Theatre, music, and art are important in the city's life. The State Academic Bolshoi ("Great") Theatre (1825), Maly ("Little") Theatre, and Moscow Art Theatre are especially renowned. Of the many museums and galleries, the State Pushkin Museum of Fine Arts and the State Tretyakov Gallery are notable.
Few people in Moscow own automobiles, necessitating heavy reliance on public transportation provided by the Metropolitan (Metro) subway, buses, streetcars, and trolleybuses. The Metro system, which reflects the city's street patterns, is known for the elaborate architecture of its stations. Moscow is the centre of the country's rail network, on which freight transport is heavily dependent. Trunk rail lines radiate from the city in all directions to major Russian population and industrial centres, to Ukraine, Belarus, and eastern Europe, and to Central Asia. Suburban commuter traffic is facilitated by the Moscow Little Ring Railway (1908) and the Greater Moscow Ring Railway, which link radial lines. Passenger trains connect to destinations throughout Russia and Europe. Moscow is also a major river port and is served by the Moscow Canal. The Volga's various canals link Moscow to all the seas surrounding European Russia. Moscow is the centre of the country's airline network; the Sheremetyevo airport, in the north, handles international flights.
One of the world's great cities, Moscow (Russian Moskva) is the capital of Russia. Since it was first mentioned in chronicles of 1147, Moscow has played a vital role in Russian history; indeed the history of the city and of the Russian nation are closely interlinked. Today Moscow is not only the political centre of Russia but also the country's leading city in population, in industrial output, and in cultural, scientific, and educational importance. For more than 600 years Moscow has been the spiritual centre of the Russian Orthodox Church.
The capital of the Union of Soviet Socialist Republics (U.S.S.R.) until its dissolution in 1991, Moscow attracted world attention as a centre of Communist power; the name of the seat of the former Soviet government and successor Russian government, the Kremlin (Russian Kreml), became a synonym for Soviet authority. The dissolution of the U.S.S.R. brought economic and political change, along with a degree of uncertainty over the future, to the city. Moscow covers an area of about 386 square miles (1,000 square kilometres), its outer limit being roughly delineated by the Moscow Ring Road. Most of the area beyond this highway has been designated as a Forest-Park Zone, or greenbelt.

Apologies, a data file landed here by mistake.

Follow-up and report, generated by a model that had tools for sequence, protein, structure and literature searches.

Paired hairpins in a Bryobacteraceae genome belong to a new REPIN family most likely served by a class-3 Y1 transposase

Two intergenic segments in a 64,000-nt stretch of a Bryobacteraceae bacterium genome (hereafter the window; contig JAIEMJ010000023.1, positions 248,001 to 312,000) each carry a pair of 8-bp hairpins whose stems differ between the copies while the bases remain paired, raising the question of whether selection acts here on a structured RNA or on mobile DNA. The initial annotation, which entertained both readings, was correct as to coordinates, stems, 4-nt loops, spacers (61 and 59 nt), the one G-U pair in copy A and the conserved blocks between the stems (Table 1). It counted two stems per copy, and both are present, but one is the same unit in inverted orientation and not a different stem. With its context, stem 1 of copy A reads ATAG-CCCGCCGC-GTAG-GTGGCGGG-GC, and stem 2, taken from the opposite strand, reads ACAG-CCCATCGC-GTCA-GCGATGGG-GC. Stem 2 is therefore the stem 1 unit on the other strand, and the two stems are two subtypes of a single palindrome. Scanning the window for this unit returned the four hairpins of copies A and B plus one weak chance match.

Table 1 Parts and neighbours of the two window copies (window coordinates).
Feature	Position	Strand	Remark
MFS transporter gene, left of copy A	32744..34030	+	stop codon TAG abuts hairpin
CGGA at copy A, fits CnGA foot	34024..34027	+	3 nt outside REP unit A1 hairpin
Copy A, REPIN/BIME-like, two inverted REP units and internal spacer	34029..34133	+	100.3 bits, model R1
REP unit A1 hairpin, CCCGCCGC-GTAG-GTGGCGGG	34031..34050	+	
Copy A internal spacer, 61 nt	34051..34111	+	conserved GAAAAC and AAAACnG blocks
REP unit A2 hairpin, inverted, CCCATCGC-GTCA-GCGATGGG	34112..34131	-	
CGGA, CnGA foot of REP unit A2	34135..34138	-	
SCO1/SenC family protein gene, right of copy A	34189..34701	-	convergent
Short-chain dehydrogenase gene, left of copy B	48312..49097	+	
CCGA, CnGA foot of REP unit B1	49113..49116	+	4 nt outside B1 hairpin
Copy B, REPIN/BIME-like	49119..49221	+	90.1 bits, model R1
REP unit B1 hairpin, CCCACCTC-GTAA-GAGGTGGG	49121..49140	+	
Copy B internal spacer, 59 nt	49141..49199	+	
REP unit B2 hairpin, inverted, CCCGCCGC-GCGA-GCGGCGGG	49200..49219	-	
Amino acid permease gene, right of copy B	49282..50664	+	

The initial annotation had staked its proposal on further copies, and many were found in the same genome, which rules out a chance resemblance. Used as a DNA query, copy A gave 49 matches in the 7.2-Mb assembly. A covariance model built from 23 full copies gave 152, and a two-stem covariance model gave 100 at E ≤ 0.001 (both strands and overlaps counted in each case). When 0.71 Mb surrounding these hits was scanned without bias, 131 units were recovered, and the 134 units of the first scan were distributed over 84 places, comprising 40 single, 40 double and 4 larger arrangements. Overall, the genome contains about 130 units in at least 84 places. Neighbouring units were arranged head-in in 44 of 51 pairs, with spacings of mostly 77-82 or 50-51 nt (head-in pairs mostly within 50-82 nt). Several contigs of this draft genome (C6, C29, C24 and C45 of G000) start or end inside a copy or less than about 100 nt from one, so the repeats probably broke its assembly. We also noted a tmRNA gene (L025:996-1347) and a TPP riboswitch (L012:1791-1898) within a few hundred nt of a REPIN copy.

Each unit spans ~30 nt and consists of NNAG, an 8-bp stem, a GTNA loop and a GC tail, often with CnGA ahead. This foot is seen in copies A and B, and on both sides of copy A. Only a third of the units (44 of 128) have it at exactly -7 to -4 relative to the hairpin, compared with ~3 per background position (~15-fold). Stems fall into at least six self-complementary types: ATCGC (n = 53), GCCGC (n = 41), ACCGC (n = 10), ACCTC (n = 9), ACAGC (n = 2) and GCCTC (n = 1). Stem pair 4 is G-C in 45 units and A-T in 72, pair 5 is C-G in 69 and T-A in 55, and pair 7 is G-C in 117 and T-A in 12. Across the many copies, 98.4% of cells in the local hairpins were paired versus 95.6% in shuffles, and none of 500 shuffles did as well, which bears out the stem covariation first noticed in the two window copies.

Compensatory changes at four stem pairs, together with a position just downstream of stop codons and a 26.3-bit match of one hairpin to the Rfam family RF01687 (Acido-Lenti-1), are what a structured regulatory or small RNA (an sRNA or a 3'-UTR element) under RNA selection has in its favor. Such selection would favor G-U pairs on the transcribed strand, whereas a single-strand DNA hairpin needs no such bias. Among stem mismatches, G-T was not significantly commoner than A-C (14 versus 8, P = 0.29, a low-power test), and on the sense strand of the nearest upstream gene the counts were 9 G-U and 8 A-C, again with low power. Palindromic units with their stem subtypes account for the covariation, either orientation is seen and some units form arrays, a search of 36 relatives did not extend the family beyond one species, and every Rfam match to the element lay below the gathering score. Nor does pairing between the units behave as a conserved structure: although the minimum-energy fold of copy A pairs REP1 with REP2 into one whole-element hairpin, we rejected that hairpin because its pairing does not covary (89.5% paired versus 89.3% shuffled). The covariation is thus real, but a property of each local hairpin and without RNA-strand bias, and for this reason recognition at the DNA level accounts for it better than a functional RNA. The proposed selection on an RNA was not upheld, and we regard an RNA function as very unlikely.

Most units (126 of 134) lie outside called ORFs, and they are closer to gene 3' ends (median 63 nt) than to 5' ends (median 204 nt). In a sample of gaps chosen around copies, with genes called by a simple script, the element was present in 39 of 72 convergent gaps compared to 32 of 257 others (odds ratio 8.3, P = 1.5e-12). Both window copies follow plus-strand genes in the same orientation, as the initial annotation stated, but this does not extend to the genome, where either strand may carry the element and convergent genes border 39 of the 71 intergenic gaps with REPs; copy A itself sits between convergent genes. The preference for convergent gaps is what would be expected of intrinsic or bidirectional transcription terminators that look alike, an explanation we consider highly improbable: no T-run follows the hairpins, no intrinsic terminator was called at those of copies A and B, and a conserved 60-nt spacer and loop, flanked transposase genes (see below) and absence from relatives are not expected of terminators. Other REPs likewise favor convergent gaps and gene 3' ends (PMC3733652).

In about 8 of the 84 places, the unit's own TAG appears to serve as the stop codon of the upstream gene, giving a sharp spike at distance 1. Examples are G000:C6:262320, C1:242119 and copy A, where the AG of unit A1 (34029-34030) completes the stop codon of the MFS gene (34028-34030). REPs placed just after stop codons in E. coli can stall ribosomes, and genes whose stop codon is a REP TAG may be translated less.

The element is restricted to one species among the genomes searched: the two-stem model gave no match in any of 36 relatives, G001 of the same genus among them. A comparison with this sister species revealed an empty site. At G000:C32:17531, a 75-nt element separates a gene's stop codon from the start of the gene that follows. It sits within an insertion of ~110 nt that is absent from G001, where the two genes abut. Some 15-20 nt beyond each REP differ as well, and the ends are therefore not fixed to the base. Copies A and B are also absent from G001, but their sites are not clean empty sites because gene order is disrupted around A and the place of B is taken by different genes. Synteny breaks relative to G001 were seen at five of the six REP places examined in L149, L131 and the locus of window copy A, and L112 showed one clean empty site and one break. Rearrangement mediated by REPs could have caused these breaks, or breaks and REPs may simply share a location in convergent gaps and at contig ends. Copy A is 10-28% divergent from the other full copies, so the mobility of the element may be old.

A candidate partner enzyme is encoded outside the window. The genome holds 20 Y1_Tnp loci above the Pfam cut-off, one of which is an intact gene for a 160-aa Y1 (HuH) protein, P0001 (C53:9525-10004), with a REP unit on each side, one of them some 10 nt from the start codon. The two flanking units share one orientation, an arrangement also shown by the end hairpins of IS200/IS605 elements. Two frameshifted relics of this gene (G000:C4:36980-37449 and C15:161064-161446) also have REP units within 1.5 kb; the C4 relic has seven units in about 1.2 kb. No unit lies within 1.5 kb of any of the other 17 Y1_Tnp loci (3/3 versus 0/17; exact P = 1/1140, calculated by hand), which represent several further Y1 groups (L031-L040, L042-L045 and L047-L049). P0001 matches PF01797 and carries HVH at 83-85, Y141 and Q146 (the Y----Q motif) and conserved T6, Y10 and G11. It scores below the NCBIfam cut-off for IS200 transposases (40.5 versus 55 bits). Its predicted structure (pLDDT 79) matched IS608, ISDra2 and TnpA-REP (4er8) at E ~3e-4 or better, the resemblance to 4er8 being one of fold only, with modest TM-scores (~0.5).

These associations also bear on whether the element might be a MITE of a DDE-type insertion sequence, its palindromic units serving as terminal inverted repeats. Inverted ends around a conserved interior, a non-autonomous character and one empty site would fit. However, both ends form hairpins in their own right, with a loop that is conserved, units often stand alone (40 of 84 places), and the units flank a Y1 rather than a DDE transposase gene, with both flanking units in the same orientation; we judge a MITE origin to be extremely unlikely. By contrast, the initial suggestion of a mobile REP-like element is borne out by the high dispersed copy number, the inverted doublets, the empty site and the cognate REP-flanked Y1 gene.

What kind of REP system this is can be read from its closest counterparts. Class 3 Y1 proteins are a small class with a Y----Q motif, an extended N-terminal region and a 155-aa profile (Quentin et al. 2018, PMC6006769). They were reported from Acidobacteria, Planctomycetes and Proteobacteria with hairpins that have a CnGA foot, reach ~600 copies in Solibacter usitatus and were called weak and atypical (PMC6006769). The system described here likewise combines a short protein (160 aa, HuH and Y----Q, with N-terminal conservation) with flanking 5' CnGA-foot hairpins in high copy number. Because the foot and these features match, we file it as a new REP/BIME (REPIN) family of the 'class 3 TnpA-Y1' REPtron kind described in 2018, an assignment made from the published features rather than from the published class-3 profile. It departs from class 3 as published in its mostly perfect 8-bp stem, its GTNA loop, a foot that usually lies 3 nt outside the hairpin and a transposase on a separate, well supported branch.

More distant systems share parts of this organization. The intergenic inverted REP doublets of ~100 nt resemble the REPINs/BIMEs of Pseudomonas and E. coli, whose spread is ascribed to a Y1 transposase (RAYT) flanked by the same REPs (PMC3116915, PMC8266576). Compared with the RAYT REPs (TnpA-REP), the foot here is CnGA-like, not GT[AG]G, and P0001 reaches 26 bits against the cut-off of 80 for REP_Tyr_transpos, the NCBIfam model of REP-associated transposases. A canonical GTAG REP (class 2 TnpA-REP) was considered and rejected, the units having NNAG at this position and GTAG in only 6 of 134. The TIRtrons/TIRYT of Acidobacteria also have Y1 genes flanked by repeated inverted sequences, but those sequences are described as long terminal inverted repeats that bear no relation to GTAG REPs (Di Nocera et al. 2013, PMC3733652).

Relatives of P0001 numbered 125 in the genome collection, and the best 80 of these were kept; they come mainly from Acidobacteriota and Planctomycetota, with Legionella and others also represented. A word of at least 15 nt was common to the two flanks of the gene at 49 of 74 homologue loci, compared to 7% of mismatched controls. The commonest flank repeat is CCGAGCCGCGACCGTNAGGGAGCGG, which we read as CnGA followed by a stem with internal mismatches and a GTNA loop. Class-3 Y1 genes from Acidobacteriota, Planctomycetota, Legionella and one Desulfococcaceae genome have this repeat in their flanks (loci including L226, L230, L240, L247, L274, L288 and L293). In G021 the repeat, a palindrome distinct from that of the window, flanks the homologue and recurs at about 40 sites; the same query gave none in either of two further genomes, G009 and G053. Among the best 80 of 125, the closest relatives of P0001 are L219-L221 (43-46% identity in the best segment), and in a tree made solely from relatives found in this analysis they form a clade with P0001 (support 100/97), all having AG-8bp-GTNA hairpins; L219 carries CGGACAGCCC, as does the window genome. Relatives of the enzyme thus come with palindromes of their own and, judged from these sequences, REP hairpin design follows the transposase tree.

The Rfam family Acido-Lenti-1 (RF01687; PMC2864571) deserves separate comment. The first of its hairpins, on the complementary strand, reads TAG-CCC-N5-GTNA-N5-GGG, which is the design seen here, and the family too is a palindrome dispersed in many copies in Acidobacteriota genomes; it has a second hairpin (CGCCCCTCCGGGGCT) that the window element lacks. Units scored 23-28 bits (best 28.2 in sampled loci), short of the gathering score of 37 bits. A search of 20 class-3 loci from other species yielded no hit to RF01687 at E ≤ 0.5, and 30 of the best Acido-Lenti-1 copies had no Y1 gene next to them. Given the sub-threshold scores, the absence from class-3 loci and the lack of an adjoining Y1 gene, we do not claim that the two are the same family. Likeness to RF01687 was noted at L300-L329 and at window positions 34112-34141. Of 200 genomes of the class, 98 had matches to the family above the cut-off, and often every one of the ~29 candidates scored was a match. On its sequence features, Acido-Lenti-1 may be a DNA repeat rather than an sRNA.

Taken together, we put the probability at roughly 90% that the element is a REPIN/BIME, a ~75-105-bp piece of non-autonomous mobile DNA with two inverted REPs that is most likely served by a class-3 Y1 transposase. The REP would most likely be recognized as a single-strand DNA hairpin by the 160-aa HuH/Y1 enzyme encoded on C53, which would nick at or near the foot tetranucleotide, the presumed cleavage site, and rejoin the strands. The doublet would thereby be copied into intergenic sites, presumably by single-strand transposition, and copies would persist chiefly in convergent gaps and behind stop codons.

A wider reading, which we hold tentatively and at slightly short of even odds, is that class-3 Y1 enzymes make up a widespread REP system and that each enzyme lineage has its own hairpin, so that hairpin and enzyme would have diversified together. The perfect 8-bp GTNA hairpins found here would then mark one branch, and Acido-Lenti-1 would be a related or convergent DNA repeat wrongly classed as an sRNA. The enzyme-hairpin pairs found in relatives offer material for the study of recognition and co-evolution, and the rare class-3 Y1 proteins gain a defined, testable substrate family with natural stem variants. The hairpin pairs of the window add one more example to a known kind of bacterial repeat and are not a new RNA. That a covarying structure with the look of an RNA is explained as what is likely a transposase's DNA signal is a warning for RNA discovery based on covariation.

In March of 1918 Moscow became the capital. The supreme organs of state power and many central institutions moved to Moscow from Petrograd. It was extremely difficult in the years of the Civil war to see the image of a new city in deserted and unheated Moscow.
The rapid growth of Moscow's population occurred during the twenties and thirties, in 1931 work began to develop the Master Reconstruction Plan of Moscow, a plan which many people abroad considered to be vain dream.
The city grew and changed, the streets and squares became wider, the wooden houses at the former outskirts disappeared. But the buildings of cultural and historical value were carefully preserved.
Today, as ever, the Kremlin with Red Square is the centre of Moscow. Here Moscow began more than eight hundred years ago. The city has grown so vast since, the present and the past are so closely interwoven that one can not embrace it all at once.
Certain villages, distant country estates have become the new residential areas of Moscow. New dwellings rose not only within the established parts of Moscow but new neighbourhoods took shape in Tyoply Stan, Orekhovo-Borisovo, Yasenevo.
In the past century Moscow went through the invasion of Napoleon's army that forced all Muscovites to leave their city. Moscow was burned down but was never conquered. Once the enemy was driven away. its inhabitants set about building Moscow anew.
Nowadays in erecting new buildings, the Muscovites take care to preserve its unique monuments. Its architectural ensembles have been formed over the centuries and each generation added features of its Lime to the appearance of the city.
The city has thousands of libraries, schools, kindergartens and nurseries, hundreds of clubs and cinemas, dozens of higher educational establishments, theatres, museums and stadiums.
Neither words nor convincing figures, however, can give a complete idea of what had been done in Moscow. One has to visit Moscow plants and factories, t